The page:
Honey Dipper-000-Lathe Project 

In my ongoing quest to learn to turn and, to a lesser extent, shrink my mountain of offcuts I present the next beginner project that I have tackled.  The Honey Dipper.

There is not much to say about the honey dipper, the name pretty well sums it up.  It is another simple lathe project that lends itself to beginner success.  There is ample opportunity for practice with basic shaping and working with the parting tool.  The honey dipper can be any shape or size that your imagination can contrive or available material will support.  However, I thought I should at least set forth a goal.  Part of the skill building for me is to develope the ability to execute whatevere desired shape and size that I want.  To that end, I worked up a design drawing for a simple honey dipper.

I’m not going to show photos of the progression.  What I will show are the first two honey dippers that I have turned on the lathe.  The first one is the prototype prior to the design drawing.

Here is my first attempt at matching the design drawing.

As you can see, its not an exacting execution.  It is, however, a perfectly acceptable and functional honey dipper.  I’ll keep trying.

This is one of those quick 15-20 minute projects that can be done whenever I just want a few minutes in the shop.  I need to find a basket or build a box to start collecting these type of projects in.  I think they will come in handy as gifts.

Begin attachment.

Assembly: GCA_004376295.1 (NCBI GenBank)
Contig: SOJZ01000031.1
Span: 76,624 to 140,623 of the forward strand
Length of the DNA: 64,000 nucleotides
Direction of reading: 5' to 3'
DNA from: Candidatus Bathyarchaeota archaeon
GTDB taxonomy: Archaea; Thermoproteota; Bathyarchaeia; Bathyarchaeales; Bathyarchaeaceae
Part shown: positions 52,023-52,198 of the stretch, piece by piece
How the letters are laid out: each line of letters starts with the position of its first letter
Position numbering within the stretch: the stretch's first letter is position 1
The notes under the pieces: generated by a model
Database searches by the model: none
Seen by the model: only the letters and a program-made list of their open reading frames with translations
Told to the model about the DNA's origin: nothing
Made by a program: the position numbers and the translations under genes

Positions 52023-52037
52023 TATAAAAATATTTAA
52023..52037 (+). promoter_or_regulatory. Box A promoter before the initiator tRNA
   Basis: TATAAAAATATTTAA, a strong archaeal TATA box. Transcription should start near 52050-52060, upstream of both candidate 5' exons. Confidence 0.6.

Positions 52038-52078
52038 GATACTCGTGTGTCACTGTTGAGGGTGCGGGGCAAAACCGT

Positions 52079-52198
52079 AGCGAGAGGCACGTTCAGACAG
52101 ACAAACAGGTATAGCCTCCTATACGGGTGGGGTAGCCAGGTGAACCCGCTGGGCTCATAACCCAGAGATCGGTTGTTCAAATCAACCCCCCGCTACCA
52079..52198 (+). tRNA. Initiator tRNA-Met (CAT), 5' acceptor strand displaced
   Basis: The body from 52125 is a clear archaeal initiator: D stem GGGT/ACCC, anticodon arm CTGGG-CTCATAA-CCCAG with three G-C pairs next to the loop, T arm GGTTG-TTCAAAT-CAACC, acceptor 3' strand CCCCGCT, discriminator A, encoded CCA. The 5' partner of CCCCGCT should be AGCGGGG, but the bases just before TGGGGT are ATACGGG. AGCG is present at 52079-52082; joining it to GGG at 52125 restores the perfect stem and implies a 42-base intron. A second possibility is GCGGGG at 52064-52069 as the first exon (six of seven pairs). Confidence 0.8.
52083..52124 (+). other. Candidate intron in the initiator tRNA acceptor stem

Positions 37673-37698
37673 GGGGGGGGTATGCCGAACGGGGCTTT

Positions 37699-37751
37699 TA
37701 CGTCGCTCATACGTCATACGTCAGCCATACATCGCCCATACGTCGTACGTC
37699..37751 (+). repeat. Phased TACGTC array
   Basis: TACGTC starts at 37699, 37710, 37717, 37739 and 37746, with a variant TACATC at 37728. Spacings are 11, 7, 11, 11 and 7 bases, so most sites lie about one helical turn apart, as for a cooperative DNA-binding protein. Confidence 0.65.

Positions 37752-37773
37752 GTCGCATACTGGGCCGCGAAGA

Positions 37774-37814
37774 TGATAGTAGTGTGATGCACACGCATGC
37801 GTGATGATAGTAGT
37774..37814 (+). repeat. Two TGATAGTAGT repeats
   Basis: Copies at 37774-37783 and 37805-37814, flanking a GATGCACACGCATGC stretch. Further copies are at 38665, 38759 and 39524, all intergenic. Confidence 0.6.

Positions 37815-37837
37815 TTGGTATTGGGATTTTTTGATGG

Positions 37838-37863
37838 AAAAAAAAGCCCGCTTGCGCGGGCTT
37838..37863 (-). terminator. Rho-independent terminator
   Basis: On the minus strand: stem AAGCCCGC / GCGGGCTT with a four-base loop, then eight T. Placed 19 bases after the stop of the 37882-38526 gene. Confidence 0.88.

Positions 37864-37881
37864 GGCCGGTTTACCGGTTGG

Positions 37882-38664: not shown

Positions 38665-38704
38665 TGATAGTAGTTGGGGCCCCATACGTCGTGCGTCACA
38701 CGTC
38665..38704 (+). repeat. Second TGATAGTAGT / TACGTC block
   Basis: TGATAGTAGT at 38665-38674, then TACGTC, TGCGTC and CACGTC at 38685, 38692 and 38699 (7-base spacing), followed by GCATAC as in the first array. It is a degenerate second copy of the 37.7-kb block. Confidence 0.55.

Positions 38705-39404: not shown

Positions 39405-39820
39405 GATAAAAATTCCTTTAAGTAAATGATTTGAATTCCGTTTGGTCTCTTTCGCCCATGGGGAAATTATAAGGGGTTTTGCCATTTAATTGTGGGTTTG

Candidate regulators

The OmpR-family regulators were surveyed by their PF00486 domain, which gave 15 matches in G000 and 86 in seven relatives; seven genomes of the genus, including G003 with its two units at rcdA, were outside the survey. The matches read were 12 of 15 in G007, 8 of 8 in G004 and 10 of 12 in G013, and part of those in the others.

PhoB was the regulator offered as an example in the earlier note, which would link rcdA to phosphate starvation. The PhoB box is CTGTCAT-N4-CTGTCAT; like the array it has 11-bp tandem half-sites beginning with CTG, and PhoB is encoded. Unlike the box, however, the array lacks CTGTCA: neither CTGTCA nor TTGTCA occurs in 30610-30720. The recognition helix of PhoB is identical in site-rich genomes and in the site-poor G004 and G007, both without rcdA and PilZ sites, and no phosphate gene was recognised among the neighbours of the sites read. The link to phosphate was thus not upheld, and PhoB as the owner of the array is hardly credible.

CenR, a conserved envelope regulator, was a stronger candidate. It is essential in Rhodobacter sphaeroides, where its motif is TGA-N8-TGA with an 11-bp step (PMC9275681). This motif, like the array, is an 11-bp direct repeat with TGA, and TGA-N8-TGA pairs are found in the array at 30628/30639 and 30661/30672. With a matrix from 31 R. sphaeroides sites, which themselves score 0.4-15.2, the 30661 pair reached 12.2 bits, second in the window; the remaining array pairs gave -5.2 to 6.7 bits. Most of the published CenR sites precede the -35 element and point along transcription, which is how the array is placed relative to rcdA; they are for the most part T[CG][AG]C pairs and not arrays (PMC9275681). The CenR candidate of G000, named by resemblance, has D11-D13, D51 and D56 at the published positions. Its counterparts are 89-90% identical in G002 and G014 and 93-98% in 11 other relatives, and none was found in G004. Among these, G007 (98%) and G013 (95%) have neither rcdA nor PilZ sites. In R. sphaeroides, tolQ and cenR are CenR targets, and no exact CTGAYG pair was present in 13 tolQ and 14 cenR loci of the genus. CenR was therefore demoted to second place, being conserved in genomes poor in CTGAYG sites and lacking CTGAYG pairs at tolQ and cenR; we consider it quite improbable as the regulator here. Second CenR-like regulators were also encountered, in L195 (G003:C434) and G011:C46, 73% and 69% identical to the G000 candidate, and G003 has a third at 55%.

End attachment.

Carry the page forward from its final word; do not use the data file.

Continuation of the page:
Anyway, there you go.  Another simple beginner project for those of us just starting out and possibly a fun quick project for you experienced turners.

Greg Merritt

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6 Responses to Honey Dipper-000-Lathe Project 

  1. Nice one, Greg. Looks like your learning curve has come and gone. Very smooth and even curves.

  2. Salko Safic says:

    Yep that was my first project when I was learning to turn, just make sure you use food safe finishes. BLO isn’t.

    • Greg Merritt says:

      It seems to be the ubiquitous beginner project. These first two received walnut oil, but I may switch to something else if I start giving them away. Too many folks with nut allergies these days.

  3. My 2 cents here:
    After considering allergies and some research I’ve been using ‘home boiled’ linseed oil (the vegetable cooking one) on wooden spoons and shopping boards and getting good feedback from several people.
    At this time it’s my favourite and I’ve tried almond, peanut, colza, sun flower and olive oil (all the varieties of olive oil) !
    Also it works great mixed with shellac or bees wax in toys or objects for toddlers. My youngest chewed his bed’s headboard 😀
    Great project Greg!

    • Greg Merritt says:

      I typically use the same Tried & True finish I use on everything else for kitchenware. It is a mixture of food safe linseed oil and beeswax, but it is thick stuff and tough to get into the grooves of the honey dipper. I may try heating it up.

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